UPDATED 1/22/2018 Are you angry, upset, and frustrated? Do you know why? There are many causes including disappointment and regret. Recognizing the causes of anger will help you manage it better.
What causes disappointment?
Disappointment and regret often cause us to be angry. They’re closely related to one another and feed into another primary emotion, sadness. Many of us will go to great lengths to avoid being sad. When, at its core, sadness helps us reflect on, and learn from, our loss. This dogged avoidance tactic is why so many of us stay angry rather than feel the reality of being disappointed.
It’s easier to be mad at a cheating spouse than deal with the disappointment of betrayal by someone you trust.
There’s considerably less pain in unleashing your rage on an innocent bystander than in confronting the disappointment you know awaits you at home, work, your parent’s house, college, etc.
Disappointment is directly linked to one’s expectations; when our expectations and the outcome do not match. The occasional disappointment doesn’t normally trigger anger. The unwillingness to accept the reality – that you didn’t get what you expected – is what triggers anger. Chronic disappointment leads to anger, even rage, depending on the specific situation and the frequency with which it occurs.
How to manage regret
Regret is longing to undo something we said or did.
Regret is a little more complicated in that it also encompasses another emotion – such as guilt, shame, embarrassment, grief, remorse – or an amalgam of all those emotions. Anger is triggered at the intersection of healthy regret and the inability to let go and move forward.
Replaying events non-stop, getting stuck in negativity like blame and shame, and chronic disappointment pushes you onto the path of self-loathing and rage.
Have you heard the sayings — live life without regret or what’s done is done? They sound good, but at the same time they set us up for anger and the fear of failure when we regret something.
Journalist and author, Kathryn Schulz, sends a different message. In a powerful TED Talk, she says don’t regret regret. She talks about a big regret in her own life — getting a tattoo. Can you relate? Is there something you’ve always regretted?
Schulz talks about the valuable lesson learned from living with that regret.
When you regret something you let your imagination run wild with other potential outcomes. You play the what if game with yourself.
Schulz uses the example of missing your flight. You might say what if I took a different route to the airport? What if I didn’t make that bathroom stop? What if I got up earlier in the morning? You let your imagination run wild with how the situation might be different if you made different decisions leading up to that moment of missing your flight.
As you let your imagination run wild anger starts to creep into your mind and before you know it you’re punishing yourself for making that decision. Instead, Schulz suggests coming to peace with your regret knowing it’s a natural part of life that we all experience.
That tattoo she regrets – well millions of others regret their too. Take comfort in the commonality of your regret. It may not be easy to do in the moment, but with time you’ll feel better about it.
If you like the lighter side of things, work toward finding a way to laugh at your regret and find the humor in the situation. At the end of the day, it may not be as ugly or as painful a decision as you think it is.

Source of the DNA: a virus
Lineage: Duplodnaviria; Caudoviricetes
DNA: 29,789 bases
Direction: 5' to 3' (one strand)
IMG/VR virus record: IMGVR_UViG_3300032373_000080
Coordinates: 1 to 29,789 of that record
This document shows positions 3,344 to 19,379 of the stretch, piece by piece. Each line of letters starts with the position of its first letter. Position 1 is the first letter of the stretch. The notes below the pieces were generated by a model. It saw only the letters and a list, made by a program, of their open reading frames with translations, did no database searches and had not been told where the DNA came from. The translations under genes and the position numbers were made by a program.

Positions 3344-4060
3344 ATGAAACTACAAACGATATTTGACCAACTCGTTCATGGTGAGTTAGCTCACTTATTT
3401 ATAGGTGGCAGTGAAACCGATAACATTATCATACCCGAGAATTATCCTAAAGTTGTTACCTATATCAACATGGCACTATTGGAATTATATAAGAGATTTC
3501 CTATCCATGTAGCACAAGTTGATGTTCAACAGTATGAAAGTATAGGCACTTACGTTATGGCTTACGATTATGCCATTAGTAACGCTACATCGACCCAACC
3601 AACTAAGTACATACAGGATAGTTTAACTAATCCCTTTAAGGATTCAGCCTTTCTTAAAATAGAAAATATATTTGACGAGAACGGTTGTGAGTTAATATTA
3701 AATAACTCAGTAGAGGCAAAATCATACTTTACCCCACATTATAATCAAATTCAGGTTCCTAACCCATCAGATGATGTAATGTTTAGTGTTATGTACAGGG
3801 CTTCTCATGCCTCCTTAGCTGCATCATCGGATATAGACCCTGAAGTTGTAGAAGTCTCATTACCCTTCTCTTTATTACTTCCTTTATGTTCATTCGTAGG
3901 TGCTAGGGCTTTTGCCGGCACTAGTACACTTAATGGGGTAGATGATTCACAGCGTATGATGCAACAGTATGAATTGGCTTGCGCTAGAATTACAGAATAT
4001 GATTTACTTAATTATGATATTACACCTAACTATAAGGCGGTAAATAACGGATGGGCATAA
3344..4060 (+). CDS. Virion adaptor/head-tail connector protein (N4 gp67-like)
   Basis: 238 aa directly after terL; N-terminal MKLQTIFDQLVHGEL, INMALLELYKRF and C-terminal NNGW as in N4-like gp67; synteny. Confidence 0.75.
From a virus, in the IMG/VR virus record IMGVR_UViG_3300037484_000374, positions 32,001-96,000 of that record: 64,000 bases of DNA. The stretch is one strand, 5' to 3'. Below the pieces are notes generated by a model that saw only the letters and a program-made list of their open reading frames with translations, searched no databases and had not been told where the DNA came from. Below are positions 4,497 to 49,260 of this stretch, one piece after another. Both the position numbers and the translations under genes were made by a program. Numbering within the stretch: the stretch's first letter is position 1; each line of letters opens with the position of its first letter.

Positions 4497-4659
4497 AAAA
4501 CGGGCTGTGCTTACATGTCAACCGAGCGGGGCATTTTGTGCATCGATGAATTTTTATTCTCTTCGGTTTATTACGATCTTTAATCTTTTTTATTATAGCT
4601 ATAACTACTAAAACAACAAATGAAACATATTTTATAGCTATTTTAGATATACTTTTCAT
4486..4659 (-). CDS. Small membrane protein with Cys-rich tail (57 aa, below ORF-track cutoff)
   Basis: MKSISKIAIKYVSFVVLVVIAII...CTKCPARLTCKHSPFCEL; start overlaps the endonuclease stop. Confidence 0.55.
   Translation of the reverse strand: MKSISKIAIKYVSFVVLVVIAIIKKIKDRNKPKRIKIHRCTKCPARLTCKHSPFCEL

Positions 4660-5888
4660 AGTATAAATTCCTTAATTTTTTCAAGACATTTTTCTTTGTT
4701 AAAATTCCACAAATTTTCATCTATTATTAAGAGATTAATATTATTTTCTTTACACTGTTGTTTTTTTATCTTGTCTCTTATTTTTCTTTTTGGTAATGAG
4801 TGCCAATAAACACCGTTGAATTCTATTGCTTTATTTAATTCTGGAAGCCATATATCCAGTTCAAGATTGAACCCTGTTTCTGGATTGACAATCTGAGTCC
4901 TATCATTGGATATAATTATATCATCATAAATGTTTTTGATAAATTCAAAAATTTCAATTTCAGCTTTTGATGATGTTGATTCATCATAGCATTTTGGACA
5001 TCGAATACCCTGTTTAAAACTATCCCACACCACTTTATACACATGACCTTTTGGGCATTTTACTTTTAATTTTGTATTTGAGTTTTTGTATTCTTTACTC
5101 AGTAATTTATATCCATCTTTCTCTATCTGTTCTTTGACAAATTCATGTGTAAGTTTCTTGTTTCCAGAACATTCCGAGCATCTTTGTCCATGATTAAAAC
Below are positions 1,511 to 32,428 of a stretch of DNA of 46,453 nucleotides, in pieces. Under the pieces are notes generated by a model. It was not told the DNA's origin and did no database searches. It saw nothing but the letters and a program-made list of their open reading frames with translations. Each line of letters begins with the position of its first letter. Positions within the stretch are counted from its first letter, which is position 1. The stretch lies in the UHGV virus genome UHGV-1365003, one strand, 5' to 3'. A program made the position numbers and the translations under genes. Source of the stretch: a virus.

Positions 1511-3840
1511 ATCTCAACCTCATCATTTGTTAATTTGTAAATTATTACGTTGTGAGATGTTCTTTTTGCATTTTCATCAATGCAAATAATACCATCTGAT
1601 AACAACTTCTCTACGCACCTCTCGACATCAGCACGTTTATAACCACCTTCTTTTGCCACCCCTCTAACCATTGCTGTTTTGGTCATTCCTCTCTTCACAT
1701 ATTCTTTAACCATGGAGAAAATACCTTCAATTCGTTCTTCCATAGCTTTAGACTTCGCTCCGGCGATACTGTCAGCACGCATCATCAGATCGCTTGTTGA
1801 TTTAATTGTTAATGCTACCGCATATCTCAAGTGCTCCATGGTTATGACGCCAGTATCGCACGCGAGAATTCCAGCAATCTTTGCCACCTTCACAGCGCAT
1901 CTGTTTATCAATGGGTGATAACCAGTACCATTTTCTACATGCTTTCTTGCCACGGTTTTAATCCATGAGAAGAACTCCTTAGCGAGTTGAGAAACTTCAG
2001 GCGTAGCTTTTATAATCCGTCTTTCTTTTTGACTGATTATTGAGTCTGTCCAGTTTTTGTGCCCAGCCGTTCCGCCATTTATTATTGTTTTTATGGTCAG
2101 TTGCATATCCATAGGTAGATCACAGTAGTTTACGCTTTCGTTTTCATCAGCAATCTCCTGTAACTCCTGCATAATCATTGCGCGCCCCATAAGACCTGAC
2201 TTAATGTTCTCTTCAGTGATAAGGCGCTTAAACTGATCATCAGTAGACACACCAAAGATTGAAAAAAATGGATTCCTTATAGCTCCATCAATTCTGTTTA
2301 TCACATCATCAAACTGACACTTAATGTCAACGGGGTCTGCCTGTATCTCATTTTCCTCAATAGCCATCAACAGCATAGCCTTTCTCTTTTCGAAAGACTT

It’s all about your mindset and perspective. Focus on what you could’ve done better rather than what you did wrong. Think about the glass half full analogy you’ve heard before. Are you a half full or half empty person? The different perspective changes how you feel – whether you’re an optimistic and happy or a pessimist and possibly angry.
You may have noticed there’s a common denominator in disappointment and regret: expectations. With disappointment, we expected something different from reality. With regret, we expected something different from ourselves.
So, one of the best ways to handle disappointment and regret, and by extension curb chronic anger, is to confront your expectations – both internal and external.
Think about the last time you felt disappointed. Ask yourself, “What was my expectation? Why? Was that a realistic expectation?”
Reflecting on your regrets helps you avoid doing the same thing again. Take responsibility. Without regret, how would you know the kind of person you truly wanted to be?
We all make mistakes; they’re inevitable. But the choice to reflect on those mistakes is completely within our control. Choose wisdom. What can you learn from that experience? Reflect. Learn. Adjust. Move forward.
In “Expectation Hangover”, Christine Hassler helps you navigate life’s curveballs to overcome disappointment in work, love, and life. She uses guided meditations, inspiring true stories, and powerful exercises to transform your “expectation hangover” so you prevent further and future disappointment.
We’re not perfect people and there’s a beauty to that. It’s what makes life interesting. When you learn to love your flaws and your regrets, you’ll forgive yourself for making them and find a path toward happiness rather than anger.
(Personal Insight MD, LLC, PeopleTweaker, and Insight MD does not provide medical advice, diagnosis, or treatment. If you are feeling extreme anger with thoughts and actions harmful to yourself or others such as physical/verbal abuse or acts of violence, find yourself self-medicating with alcohol, illicit drugs, etc., expressing your anger in such a way that threaten relationships or your job, etc. seek professional help immediately and call 911 if necessary if you find yourself in an out-of-control situation or have the urge to hurt yourself or others.)